Of course, it has to be acknowledged that Brazil has problems on an heroic scale, and the government's attempts to erase all the errors of past administrations would have made Hercules blanch and ask for his severance pay. On the day Sr. Cunha made his announcement, the International Monetary Fund's plans to lend Brazil $2 billion to tide it over the immediate future had been soundly denounced by the Institute of International Finance's Horst Schulmann.

The loan, he said, served to undermine the Western world's whole strategy on Third World debt. The IMF and the World Bank should make it clear that they would not lend money until the client country had stopped piling up still more debt and had drawn up a workable program to pay back what they already owed.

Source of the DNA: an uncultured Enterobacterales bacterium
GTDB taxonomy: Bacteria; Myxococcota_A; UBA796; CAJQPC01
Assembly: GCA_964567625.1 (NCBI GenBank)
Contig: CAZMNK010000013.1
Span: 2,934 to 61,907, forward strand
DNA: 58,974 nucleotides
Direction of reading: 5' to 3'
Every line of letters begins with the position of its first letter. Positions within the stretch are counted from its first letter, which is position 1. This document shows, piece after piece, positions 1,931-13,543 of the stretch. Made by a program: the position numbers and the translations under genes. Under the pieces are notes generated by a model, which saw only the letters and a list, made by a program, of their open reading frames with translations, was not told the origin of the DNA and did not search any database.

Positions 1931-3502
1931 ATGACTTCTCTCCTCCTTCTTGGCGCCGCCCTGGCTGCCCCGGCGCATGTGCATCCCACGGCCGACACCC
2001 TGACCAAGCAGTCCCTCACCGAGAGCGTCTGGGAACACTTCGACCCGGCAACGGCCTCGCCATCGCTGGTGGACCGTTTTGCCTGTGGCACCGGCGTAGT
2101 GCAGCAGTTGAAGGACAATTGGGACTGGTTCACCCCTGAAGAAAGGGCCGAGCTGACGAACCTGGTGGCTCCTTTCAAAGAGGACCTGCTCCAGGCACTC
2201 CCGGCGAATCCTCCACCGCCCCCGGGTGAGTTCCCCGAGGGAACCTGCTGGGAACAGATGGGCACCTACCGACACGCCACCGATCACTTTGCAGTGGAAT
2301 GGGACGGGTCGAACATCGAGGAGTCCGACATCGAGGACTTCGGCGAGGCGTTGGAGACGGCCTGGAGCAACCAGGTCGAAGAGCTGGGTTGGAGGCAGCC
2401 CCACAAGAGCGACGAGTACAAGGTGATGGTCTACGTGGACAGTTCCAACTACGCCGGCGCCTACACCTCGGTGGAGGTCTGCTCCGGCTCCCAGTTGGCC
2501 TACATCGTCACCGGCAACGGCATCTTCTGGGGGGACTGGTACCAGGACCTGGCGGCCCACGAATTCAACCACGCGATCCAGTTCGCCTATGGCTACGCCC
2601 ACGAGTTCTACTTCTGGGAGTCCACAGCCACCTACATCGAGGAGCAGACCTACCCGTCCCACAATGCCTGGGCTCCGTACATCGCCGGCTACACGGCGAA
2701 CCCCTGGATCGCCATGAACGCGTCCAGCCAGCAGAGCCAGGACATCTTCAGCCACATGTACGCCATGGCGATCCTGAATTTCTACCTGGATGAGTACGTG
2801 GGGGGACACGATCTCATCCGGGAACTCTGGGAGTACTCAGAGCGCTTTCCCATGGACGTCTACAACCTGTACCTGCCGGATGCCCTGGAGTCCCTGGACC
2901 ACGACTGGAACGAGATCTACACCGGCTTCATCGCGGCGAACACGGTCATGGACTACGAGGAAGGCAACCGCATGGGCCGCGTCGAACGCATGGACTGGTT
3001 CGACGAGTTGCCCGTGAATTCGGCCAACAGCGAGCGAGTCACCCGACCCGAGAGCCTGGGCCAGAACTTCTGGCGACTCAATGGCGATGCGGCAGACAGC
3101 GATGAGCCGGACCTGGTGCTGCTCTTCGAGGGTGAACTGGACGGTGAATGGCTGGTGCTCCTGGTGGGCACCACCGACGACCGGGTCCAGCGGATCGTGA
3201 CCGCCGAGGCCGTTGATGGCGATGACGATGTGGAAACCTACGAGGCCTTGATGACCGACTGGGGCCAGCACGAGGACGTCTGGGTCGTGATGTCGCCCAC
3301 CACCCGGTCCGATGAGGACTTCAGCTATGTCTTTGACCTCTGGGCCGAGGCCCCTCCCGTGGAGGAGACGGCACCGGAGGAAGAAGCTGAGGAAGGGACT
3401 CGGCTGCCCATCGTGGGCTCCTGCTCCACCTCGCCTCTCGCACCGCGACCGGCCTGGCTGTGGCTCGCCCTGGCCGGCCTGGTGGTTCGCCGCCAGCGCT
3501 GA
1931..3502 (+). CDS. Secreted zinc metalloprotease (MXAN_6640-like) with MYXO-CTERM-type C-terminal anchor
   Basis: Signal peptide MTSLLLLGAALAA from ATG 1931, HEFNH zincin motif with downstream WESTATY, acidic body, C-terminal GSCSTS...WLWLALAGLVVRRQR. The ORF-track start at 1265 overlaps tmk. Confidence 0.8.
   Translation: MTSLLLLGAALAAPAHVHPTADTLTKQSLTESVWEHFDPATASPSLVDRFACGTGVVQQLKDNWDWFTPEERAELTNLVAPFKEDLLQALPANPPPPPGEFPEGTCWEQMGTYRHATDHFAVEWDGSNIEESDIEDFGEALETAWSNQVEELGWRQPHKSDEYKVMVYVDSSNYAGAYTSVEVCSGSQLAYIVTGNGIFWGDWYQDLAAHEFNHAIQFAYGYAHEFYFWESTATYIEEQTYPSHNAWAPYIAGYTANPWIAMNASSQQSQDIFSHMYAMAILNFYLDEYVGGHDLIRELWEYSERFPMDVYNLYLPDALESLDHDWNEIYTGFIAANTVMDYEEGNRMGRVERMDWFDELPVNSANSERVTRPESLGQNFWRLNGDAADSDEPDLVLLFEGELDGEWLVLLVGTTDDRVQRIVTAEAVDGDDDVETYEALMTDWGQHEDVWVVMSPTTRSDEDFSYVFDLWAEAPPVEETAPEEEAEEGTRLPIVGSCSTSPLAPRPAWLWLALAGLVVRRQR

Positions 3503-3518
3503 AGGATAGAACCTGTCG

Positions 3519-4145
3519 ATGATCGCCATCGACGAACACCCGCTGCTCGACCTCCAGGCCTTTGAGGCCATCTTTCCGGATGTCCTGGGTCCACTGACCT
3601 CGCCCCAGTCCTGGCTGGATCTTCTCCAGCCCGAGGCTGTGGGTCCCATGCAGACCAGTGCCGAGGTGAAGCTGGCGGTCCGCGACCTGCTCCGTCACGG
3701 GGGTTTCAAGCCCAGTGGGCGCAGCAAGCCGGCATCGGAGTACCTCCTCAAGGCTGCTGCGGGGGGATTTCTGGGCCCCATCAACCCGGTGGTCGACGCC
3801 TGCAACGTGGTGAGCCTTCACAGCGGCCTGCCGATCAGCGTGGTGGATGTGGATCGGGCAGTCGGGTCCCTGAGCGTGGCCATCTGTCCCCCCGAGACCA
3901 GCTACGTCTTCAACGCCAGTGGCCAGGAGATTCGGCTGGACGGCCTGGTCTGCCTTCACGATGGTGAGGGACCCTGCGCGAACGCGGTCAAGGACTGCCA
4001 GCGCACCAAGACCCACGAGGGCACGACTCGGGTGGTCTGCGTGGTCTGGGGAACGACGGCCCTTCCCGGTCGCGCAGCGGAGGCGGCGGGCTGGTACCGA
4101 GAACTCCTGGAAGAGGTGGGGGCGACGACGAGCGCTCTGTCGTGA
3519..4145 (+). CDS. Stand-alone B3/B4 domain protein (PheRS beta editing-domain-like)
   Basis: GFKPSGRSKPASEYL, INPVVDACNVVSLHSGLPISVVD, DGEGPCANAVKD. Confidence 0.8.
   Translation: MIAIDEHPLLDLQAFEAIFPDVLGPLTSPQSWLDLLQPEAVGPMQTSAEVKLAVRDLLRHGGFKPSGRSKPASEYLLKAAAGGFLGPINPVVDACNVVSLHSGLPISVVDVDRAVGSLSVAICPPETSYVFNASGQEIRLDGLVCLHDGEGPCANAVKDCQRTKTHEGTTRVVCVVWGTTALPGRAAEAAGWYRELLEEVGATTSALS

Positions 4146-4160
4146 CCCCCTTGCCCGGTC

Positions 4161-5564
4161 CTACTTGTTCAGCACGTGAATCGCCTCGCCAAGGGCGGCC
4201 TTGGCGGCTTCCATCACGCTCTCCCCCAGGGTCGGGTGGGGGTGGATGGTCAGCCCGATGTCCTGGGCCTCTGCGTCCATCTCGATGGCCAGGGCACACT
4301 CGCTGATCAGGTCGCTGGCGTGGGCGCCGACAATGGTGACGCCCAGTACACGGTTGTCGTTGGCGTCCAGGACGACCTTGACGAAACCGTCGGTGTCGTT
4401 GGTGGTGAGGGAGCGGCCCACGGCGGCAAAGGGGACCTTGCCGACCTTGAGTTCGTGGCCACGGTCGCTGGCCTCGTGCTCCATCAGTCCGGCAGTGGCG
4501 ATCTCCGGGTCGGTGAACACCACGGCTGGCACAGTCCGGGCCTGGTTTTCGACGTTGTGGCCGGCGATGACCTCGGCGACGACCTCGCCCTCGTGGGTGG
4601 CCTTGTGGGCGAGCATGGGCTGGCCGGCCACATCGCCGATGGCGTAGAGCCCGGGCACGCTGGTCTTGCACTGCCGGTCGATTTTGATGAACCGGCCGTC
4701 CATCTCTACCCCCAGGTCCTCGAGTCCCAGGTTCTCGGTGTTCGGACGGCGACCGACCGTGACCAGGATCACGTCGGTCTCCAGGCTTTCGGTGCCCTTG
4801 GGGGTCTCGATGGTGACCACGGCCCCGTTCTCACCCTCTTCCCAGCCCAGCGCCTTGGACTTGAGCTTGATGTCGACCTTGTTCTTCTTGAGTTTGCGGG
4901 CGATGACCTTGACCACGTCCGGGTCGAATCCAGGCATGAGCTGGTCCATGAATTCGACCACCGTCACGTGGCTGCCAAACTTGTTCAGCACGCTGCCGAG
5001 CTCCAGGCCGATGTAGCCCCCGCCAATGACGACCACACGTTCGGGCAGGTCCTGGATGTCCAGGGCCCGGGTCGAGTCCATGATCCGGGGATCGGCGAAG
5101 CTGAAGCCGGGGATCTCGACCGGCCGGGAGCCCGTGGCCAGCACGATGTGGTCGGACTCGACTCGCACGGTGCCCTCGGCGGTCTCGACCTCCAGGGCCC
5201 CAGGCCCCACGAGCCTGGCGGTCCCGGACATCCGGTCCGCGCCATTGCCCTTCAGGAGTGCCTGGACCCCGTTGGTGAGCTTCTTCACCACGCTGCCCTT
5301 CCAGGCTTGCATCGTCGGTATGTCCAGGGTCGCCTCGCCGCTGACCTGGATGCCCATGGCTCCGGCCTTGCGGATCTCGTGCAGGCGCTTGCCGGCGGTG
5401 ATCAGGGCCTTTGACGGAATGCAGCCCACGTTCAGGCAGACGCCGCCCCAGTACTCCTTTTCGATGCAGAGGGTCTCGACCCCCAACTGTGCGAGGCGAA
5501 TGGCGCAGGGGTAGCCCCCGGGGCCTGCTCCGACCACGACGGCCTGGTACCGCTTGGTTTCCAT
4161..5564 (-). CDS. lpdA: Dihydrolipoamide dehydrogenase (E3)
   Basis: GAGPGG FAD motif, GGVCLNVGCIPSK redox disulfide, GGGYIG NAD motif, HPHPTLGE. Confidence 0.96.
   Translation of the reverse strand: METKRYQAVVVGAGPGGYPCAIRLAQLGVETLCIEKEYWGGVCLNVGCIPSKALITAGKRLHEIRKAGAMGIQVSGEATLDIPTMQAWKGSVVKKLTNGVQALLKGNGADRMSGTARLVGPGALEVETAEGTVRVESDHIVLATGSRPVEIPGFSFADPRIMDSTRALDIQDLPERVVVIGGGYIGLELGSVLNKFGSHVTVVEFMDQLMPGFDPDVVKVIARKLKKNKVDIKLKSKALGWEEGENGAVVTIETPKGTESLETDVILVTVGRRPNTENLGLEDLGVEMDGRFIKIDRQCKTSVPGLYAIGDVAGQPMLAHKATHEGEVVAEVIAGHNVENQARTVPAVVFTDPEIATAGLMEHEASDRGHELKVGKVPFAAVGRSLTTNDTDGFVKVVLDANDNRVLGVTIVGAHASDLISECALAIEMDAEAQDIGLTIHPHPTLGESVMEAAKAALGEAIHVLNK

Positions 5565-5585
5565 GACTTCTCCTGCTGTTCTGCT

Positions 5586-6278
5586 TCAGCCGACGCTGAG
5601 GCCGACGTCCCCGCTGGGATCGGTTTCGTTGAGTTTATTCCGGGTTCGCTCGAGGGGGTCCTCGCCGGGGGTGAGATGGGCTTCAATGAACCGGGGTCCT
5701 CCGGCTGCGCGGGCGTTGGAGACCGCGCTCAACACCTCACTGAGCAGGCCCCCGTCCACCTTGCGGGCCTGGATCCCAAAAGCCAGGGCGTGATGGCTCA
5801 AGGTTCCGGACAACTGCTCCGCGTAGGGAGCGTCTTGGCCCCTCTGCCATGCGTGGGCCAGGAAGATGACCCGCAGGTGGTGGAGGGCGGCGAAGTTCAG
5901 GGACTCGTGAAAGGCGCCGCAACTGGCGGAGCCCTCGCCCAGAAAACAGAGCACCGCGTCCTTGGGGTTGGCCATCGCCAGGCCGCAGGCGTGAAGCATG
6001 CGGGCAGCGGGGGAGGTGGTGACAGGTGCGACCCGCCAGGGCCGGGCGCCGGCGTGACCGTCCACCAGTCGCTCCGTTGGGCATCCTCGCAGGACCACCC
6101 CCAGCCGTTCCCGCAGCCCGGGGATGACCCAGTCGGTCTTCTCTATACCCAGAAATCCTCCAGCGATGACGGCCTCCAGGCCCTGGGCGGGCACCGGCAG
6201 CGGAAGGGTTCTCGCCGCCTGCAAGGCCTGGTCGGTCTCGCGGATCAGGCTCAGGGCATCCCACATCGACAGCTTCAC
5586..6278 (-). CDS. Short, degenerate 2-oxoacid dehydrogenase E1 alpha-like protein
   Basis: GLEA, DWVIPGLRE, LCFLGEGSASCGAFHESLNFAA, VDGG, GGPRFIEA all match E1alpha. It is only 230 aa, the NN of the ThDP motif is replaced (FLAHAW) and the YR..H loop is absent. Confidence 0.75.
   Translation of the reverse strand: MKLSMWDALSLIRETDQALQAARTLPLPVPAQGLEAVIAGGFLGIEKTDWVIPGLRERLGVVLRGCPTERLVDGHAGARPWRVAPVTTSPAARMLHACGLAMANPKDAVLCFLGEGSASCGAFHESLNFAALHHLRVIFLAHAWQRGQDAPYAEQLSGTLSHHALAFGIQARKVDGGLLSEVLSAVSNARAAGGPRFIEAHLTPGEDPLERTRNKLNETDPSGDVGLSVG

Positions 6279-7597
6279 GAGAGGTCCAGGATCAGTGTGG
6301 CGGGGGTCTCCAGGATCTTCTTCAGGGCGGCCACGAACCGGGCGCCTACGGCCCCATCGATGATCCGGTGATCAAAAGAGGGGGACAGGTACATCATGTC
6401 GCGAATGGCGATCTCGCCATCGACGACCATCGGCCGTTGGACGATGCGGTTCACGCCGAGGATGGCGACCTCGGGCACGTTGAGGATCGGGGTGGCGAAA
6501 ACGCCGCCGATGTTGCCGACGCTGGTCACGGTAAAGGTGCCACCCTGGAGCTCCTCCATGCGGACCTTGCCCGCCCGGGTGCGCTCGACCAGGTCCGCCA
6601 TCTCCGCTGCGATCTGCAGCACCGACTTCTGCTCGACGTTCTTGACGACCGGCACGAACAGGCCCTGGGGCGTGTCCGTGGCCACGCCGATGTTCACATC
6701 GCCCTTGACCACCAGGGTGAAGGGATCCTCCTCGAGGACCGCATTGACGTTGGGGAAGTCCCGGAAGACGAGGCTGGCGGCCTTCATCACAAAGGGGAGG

In fact, it had never seemed likely that this year's talks would produce anything like a practicable replacement for the old Agreement. The ICO's problems were overshadowed by events of incomparably greater significance elsewhere, and the diminished status of the Berners Street meetings as reflected in the fact that the two principal players, Brazil and the US, gave them a very low position in the order of priorities.

Anyway, a lot can happen between now and 1992 and there's no knowing what Fortune's wheel will bring the coffee trade and industry by the time the great European unification scheme comes to pass. Certainly nobody seems totally happy with the situation as it is right now. "The prices today are wrong for everybody," said a European delegate. "Wrong for producers, wrong for the trade and even wrong for the roasters." But then he added: "It could well be, though, that in three years' time the whole situation could simply have sorted itself out."

But how? "Look at it this way. At present prices the farmers can't afford the usual input of fertilizers and pesticides, and that in itself is going to have a profound effect on supplies. Next, the new East European consumers are going to be in the market for the cheaper coffees. Then, once the hold-over stocks have been exhausted we can start again with a clear counter."